Next week I’m going to do a column on the 19 million unique readers and viewers that Outkick had in 2016, but in the meantime I’m just going to go ahead and break this news in the middle of the mailbag column to reward readers of the mailbag. 

Outkick the Coverage is starting on satellite radio next week on Friday the 20th. We’ll be on Sirius/XM channel 83 and you’ll be able to hear us all over the nation as long as you have satellite radio. And if you don’t have satellite radio, I’d encourage you to sign up for the Outkick Show. 

We’re worth it. 

This is huge for us because the number one question I’ve been getting asked has been about satellite radio. 

In all seriousness though, the Outkick the Coverage show will own mornings now that Mike and Mike is done. We’re going to be everywhere. We’ve already flipped around ten Mike and Mike affiliates and that was before that show ended.  


It’s a no brainer. 

John writes:

“With all the talk of ESPN falling, it seems that the moment of truth will come out and it will come out in the contracts. I graduated from USC’s School of Cinematic Arts and there you become quite aware that television is just a business of putting on various things on a screen from sitcoms to game shows to sports. The more people watch them the more money they make, the more they can pay for the things they put on the screen. The problem comes when they cut the cable they cut the revenue stream.  Technology has been sucking the money out of everything and putting it somewhere else since the invention of Napster.

Imagine you were the head of a record label that had a popular recording artist under contract until the year 2001. In 1991, you signed that artist to make 4 albums over ten years for 15 million dollars and he sold a ton of records and you both got rich. Now it’s 2001 except he wants the same deal for 30 million. Problem is, the talk on the street is that the mp3 will destroy the cd. If you sign this guy and the talk turns out to be right you take a bath because by the time that fourth album drops, people get music for free on Spotify. So you offer him two million over ten years and this sends an earthquake through the business and you turn out to be right.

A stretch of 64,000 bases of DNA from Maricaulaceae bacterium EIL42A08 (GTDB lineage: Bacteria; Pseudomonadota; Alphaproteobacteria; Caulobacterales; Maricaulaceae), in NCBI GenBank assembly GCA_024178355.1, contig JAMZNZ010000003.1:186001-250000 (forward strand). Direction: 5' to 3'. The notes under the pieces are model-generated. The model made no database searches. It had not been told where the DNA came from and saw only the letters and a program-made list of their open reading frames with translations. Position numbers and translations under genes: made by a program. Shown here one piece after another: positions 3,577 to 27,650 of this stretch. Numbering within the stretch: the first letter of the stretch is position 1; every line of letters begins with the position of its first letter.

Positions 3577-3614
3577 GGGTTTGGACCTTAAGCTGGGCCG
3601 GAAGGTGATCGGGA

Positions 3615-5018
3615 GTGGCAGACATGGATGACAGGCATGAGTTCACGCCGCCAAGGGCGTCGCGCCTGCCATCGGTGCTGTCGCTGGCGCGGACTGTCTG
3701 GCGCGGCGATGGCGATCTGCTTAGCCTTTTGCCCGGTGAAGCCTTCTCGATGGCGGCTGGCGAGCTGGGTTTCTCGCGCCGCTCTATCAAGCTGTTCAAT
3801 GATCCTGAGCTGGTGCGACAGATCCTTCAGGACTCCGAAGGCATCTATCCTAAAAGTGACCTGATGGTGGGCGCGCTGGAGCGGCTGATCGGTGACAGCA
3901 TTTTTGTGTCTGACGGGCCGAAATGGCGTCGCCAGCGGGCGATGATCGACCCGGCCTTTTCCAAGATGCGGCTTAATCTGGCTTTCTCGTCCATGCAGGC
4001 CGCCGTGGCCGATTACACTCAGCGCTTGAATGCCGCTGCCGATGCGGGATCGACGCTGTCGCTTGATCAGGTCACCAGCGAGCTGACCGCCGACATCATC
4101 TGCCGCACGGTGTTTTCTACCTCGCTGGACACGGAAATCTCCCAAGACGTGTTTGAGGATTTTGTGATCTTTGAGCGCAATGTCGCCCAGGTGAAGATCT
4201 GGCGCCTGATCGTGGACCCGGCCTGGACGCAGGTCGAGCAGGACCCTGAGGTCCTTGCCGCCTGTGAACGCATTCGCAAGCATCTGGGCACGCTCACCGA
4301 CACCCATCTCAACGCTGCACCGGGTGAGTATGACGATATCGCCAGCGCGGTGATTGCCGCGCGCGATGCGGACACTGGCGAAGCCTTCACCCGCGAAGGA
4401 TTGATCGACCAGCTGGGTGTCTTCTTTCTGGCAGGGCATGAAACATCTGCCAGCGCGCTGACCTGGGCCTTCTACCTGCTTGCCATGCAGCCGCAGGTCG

In sports, we have an annual crop of new talent called the draft. With ESPN falling aren’t the sports teams in the same situation as the record companies sixteen years ago?  Is it possible that the Browns draft Deshaun Watson with the first pick and offer him five million over the next seven years? Everybody knows what was paid for Winston and Goff. It might not be that drastic but a substantial drop in offers seems to be coming and will that be an admission that the end is nigh? If so, what year do you think we see this?”

The problem with your analogy here is that draft compensation is set by the NFLPA agreement. Every draft pick basically has a slotted salary now and every team has a salary cap floor that they have to spend on talent. 

When the shit will really hit the wall, I believe, is when ESPN’s contract with Monday Night Football ends in 2021. That’s just four years from now. In 2020 both sides will start talking about this deal in earnest. Right now ESPN pays $2 billion a year to the NFL. There is no way that rate can continue. So what happens then?

I’m telling you, that’s the contract to watch. 

That’s when we’ll find out whether my thesis about the sports bubble bursting is correct. 

And if I’m correct, look out. 

Steve writes:

“I start getting ready for work at about 4am Pacific Time and don’t hop in the car until about 4:25am.  The only thing on TV while I’m getting ready for work is those tools Mike and Mike.

Do you have any thought of doing a simulcast of the radio show on TV like Cowherd does?”

That’s been talked about, but I think FS1 is going to do a more traditional morning show that’s made for television like “Undisputed” but with different people to argue about sports. That show will air from New York City and probably debut in August or September of this year.